Garlic, a perennial herb originally from Central Asia, has been one of the most popular seasoning herbs for centuries. In fact, it was one of the first crops domesticated by humans, as early as 5,000 years ago. Its medicinal uses are believed to be ancient as well, as it was mentioned in medical documents dating back to Babylonia and Ancient Egypt, where it is listed as both a treatment for wounds or infections and a staple food that can increase vigor. Ever since, different branches of traditional medicine and scientific studies have pointed to garlic as an antibiotic agent, immunity booster, and a blood pressure regulator.
Garlic Medicinal Properties
- Medicinal action Antimicrobial, Cardioprotective
- Key constituents Allicin, ajoene
- Ways to use Capsules, Food, Freshly ground, Tincture, Powder, Syrup, Essential oil
- Medicinal rating (5) Great value
- Safety ranking Safe
Health Benefits of Garlic
Garlic is one of the most used and well-researched medicinal herbs. Thousands of studies have been done on garlic and allicin, and its effects on the cardiovascular system, infections, the respiratory system, blood sugar, and more.
Garlic is traditionally used for:
Fighting respiratory infections. Its antibiotic properties render it useful for throat infections and amygdalitis.
- Reducing blood pressure. The aromatic compounds in garlic work in the body as many aromatics do: by dilating blood vessels, as well as opening and relaxing circulation.
Treating fungus. Fresh garlic juice works to inhibit fungi from growing, and has long been used as a topical treatment for jock itch and fungal skin infections.
In addition, many recent studies have shown garlic can have other benefits, such as:
Balancing cholesterol. Garlic has the ability to improve the function of the liver, which is key in moderating healthy cholesterol and triglyceride levels in the body.
- Halting atherosclerosis. Garlic has a positive effect on halting - and sometimes even reversing - atherosclerosis.
How It Works
Garlic owes most of its medicinal properties to the sulfuric compounds allicin and ajoene.1,2 Allicin, an organosulfur compound, is the most potent one, providing garlic with its distinct aroma and its antibacterial and antifungal action. Ajoene, derived from allicin, also has blood-thinning and lipid-lowering action.
Other significant compounds found in garlic include glycoside, coenzyme Q10, allyl propyl disulfide, diallyl, trisulfide, and sallylcysteine. Likewise, on a nutritional level, garlic has large amounts of vitamin C, potassium, and phosphorus.
Allicin is capable of completely inhibiting RNA synthesis, which hinders the reproduction of viruses and bacteria. When combined with ajoene, it reduces lipid content in the arterial walls, causing deposits of LDL - or "bad cholesterol" - to be oxidized and excreted.
ALLICIN CAN HINDER BACTERIAL REPRODUCTION, WHICH MAKES IT A POTENT NATURAL ALTERNATIVE TO ANTIBIOTICS.
Calendula and oak also possess antimicrobial properties, while olive and sacha inchi provide similar cardioprotective benefits.
Garlic is likely safe for most people when taken orally; however, it can cause bad breath, a burning sensation in the mouth or stomach, heartburn, gas, nausea, vomiting, body odor, and diarrhea. These side effects are often worse with raw garlic.
Asthma has been reported in people working with garlic, and other allergic reactions are possible.
Garlic may increase the risk of bleeding. People with bleeding disorders or taking anticoagulant medication, as well as those about to undergo surgery, should avoid consuming this herb in medicinal doses.
Garlic compounds can cause gastrointestinal inflammation in people who suffer from Irritable Bowel Syndrome (IBS), so those following the FODMAP diet should avoid its consumption in food or supplements.
Garlic is generally safe when applied to the skin. Gels, pastes, and mouthwashes containing garlic have been shown to be safe when used up to three months. However, the topical application of garlic essential oil might cause skin irritation in sensitive individuals.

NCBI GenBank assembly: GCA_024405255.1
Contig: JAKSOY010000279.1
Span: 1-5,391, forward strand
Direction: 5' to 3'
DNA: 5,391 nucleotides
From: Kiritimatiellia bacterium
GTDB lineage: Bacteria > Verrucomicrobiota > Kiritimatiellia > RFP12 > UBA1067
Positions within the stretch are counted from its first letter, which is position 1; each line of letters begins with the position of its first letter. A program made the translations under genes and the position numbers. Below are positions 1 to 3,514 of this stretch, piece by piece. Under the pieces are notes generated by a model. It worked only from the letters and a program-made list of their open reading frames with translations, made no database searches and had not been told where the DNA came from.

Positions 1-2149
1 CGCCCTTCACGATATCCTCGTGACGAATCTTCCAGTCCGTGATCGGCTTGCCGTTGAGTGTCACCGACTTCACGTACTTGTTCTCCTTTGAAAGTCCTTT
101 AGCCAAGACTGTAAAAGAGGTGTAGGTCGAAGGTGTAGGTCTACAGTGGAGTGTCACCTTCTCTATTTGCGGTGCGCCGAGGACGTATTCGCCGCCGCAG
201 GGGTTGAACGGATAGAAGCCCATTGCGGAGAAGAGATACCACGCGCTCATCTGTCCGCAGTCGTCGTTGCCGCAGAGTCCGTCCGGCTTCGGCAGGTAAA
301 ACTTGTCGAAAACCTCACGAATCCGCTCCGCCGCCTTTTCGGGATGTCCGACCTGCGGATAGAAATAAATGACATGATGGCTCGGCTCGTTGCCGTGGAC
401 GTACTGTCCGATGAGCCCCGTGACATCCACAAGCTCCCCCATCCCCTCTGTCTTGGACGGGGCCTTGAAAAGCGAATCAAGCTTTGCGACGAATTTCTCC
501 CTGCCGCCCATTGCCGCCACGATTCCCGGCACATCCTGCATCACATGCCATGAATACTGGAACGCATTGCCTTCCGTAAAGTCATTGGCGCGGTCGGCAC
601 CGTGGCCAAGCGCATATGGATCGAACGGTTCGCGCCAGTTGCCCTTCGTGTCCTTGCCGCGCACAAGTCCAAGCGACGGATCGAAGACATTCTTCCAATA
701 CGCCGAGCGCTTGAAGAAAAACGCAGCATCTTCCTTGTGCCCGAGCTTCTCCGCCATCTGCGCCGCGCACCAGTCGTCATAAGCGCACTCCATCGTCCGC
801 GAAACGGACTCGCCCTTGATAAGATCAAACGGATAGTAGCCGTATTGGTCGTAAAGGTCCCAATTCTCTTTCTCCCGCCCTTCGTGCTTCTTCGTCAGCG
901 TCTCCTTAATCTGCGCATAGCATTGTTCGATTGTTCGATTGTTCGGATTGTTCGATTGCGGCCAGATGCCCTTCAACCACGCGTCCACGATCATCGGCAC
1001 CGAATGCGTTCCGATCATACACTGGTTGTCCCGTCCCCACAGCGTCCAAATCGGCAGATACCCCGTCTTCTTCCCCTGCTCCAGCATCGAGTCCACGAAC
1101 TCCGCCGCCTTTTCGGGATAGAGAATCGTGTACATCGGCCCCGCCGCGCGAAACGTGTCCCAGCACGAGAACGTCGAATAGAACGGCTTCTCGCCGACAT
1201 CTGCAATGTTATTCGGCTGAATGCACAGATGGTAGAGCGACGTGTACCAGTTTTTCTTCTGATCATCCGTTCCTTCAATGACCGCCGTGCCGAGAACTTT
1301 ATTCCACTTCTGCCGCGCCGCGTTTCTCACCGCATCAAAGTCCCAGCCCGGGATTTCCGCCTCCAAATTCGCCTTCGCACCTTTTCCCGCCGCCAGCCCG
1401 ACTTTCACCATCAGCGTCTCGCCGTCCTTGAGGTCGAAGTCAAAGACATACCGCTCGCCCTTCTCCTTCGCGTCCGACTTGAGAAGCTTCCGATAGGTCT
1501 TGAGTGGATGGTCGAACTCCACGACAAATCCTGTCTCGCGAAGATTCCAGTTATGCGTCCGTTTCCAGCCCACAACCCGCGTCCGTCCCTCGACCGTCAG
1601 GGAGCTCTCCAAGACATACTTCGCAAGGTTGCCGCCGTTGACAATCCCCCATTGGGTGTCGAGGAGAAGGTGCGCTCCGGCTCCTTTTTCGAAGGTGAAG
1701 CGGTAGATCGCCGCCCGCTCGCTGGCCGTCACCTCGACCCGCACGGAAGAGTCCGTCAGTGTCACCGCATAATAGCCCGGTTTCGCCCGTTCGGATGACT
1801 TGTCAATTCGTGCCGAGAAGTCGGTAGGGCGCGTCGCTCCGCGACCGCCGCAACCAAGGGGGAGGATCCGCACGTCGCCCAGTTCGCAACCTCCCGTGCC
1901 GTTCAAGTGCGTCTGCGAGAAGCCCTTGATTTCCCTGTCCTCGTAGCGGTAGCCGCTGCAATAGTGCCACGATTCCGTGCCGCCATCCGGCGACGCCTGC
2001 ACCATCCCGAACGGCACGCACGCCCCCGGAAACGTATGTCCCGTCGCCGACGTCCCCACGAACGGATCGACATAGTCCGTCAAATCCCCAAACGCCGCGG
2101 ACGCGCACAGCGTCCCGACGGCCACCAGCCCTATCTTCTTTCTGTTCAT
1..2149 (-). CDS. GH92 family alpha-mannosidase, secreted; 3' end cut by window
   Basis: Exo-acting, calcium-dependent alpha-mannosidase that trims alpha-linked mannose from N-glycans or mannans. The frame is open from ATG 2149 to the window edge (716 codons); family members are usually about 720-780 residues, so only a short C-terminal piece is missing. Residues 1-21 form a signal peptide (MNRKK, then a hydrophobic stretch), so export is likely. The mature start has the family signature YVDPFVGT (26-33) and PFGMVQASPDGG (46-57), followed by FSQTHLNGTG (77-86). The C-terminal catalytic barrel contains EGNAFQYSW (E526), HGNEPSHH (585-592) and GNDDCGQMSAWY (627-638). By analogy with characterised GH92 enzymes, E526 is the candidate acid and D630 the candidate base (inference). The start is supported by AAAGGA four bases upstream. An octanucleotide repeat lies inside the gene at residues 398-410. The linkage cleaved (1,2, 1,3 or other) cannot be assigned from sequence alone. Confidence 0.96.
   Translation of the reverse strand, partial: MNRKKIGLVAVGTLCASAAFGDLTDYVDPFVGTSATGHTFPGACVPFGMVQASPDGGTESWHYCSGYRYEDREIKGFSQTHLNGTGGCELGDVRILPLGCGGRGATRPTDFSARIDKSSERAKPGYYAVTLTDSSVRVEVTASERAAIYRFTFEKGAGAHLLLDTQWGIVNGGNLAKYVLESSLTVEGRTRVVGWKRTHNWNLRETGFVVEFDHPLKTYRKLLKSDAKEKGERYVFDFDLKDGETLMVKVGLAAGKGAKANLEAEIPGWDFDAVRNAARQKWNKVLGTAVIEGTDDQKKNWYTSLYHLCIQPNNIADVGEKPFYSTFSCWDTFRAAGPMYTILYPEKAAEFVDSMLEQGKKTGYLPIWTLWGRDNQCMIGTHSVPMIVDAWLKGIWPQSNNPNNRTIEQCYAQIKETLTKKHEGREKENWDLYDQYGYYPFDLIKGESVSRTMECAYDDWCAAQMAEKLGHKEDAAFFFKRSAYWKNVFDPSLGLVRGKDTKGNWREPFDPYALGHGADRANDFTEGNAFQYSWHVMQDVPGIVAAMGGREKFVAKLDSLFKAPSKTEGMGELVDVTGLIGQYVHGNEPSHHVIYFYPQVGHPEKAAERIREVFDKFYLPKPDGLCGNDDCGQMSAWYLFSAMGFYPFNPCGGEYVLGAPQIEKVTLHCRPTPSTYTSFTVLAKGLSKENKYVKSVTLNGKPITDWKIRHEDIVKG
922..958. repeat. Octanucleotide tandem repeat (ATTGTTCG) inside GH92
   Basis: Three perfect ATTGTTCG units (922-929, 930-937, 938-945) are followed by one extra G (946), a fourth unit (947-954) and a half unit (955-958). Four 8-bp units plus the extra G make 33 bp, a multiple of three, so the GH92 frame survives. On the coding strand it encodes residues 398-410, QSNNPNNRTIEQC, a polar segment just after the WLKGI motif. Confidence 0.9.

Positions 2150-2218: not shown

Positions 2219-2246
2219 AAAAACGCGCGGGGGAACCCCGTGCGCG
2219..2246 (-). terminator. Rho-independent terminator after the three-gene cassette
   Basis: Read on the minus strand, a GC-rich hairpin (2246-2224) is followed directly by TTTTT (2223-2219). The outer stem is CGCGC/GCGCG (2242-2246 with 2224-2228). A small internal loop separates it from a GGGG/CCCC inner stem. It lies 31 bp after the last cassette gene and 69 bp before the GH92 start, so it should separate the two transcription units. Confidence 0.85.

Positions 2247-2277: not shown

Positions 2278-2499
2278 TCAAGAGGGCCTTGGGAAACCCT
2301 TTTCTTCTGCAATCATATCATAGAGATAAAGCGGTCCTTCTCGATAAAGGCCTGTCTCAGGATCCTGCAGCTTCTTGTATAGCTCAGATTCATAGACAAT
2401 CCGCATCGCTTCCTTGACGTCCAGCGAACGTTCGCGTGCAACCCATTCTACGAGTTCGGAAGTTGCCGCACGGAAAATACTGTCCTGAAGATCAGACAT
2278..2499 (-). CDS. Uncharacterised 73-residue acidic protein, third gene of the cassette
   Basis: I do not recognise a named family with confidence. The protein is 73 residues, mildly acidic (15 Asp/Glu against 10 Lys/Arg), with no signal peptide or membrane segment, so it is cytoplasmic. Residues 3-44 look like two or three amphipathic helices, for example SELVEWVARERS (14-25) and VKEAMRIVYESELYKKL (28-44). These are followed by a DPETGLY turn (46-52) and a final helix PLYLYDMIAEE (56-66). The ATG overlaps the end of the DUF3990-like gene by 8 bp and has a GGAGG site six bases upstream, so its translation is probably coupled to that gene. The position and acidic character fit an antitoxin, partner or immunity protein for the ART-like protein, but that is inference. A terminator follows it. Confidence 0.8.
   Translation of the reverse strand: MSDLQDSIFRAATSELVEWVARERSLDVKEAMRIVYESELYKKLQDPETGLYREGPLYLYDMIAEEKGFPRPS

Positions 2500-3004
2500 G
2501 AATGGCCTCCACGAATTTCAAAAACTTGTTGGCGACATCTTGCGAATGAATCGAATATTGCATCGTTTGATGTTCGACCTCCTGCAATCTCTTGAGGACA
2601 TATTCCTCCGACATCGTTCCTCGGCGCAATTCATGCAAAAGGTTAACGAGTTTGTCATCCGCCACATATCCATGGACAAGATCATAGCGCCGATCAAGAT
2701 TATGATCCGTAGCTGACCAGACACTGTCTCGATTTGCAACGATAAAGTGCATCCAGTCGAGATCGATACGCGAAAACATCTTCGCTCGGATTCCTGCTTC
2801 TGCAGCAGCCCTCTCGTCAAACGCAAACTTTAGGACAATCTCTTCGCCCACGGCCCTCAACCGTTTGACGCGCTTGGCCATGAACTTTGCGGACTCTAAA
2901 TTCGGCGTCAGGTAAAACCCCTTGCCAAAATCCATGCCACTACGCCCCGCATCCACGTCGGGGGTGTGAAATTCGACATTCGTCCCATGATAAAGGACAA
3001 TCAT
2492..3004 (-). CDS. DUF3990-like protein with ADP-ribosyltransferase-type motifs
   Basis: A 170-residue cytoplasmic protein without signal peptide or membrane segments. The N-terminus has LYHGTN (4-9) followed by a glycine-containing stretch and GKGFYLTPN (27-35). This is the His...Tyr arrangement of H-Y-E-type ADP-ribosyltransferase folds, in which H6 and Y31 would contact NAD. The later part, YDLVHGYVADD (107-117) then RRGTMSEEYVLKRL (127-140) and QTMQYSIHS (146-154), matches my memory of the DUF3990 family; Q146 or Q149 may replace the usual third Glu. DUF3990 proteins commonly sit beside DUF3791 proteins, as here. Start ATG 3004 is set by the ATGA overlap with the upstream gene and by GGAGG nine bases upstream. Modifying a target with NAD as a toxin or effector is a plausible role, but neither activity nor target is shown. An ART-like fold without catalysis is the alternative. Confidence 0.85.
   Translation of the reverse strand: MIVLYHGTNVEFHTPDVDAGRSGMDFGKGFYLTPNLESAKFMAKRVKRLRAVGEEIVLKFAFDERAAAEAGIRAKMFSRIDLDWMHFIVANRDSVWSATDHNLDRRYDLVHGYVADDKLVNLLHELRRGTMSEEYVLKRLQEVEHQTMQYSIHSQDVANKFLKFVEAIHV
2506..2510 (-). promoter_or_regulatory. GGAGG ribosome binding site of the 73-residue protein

Garlic is not usually consumed in large amounts; however, it provides a wide range of nutrients that can add up to a healthy diet.
Garlic cloves contain fair amounts of manganese, a mineral that is important for the metabolism of carbohydrates and the absorption of calcium, as well as for aiding with blood sugar regulation. They are also an adequate source of vitamin B6 (pyridoxine), which plays a key role in normal brain development and function, as well as helping in the production of serotonin and norepinephrine, two hormones that influence mood, along with melatonin, which helps regulate the body clock. This vitamin is also necessary for proper absorption of vitamin B12, red blood cells production, and immunity.
Additionally, garlic provides small amounts of many other nutrients, mainly vitamins C (ascorbic acid) and B1 (thiamin), as well as minerals like copper and selenium.
Three cloves of garlic (9 g) provide 13 calories and 1% of the daily value for protein, carbohydrates, and dietary fiber.
How to Consume Garlic
- Edible parts Root
- Edible uses Flavoring, Condiment, Oil
- Taste Pungent, Umami
The highest concentration of allicin is found in raw garlic, which is a staple in most culinary traditions around the world. However, since its taste and scent are strong and considered to be unpleasant for many, a number of medicinal preparations can be used to dilute its flavor and mask its characteristic aroma.
Raw. Garlic bulbs are highly regarded as a flavor enhancer for grilled meats, stews, and many other preparations. Consuming garlic in culinary ways is a great way to reap its cardioprotective properties.
Dried. With a longer shelf life, dried garlic has a milder flavor and can be used in the same way as the raw bulbs.
Pickled. Garlic cloves are often preserved and consumed in this way, frequently combined with other herbs. This type of preparation softens the texture and flavor of garlic, while preserving its medicinal properties.
Powder. The dried garlic cloves can be found finely ground, often mixed with salt and other spices, for culinary uses.
Poultice. In spite of its strong odor, which can be unpleasant to many, the topical application of crushed garlic cloves is highly effective for treating acne, boils, and athlete's food, as well as for getting rid of warts.
Herbal Remedies & Supplements
Essential oil. Garlic's essential oil has proven effective lowering blood pressure and preventing the formation of arterial plaque.
Syrup. This a popular preparation for relieving cough and other flu symptoms. The pungency of garlic is masked by the sweetness of this herbal remedy.
Tincture. Three drops of garlic tincture diluted in a warm glass of water can help keep the flu away and treat minor infections, as well as control fungus.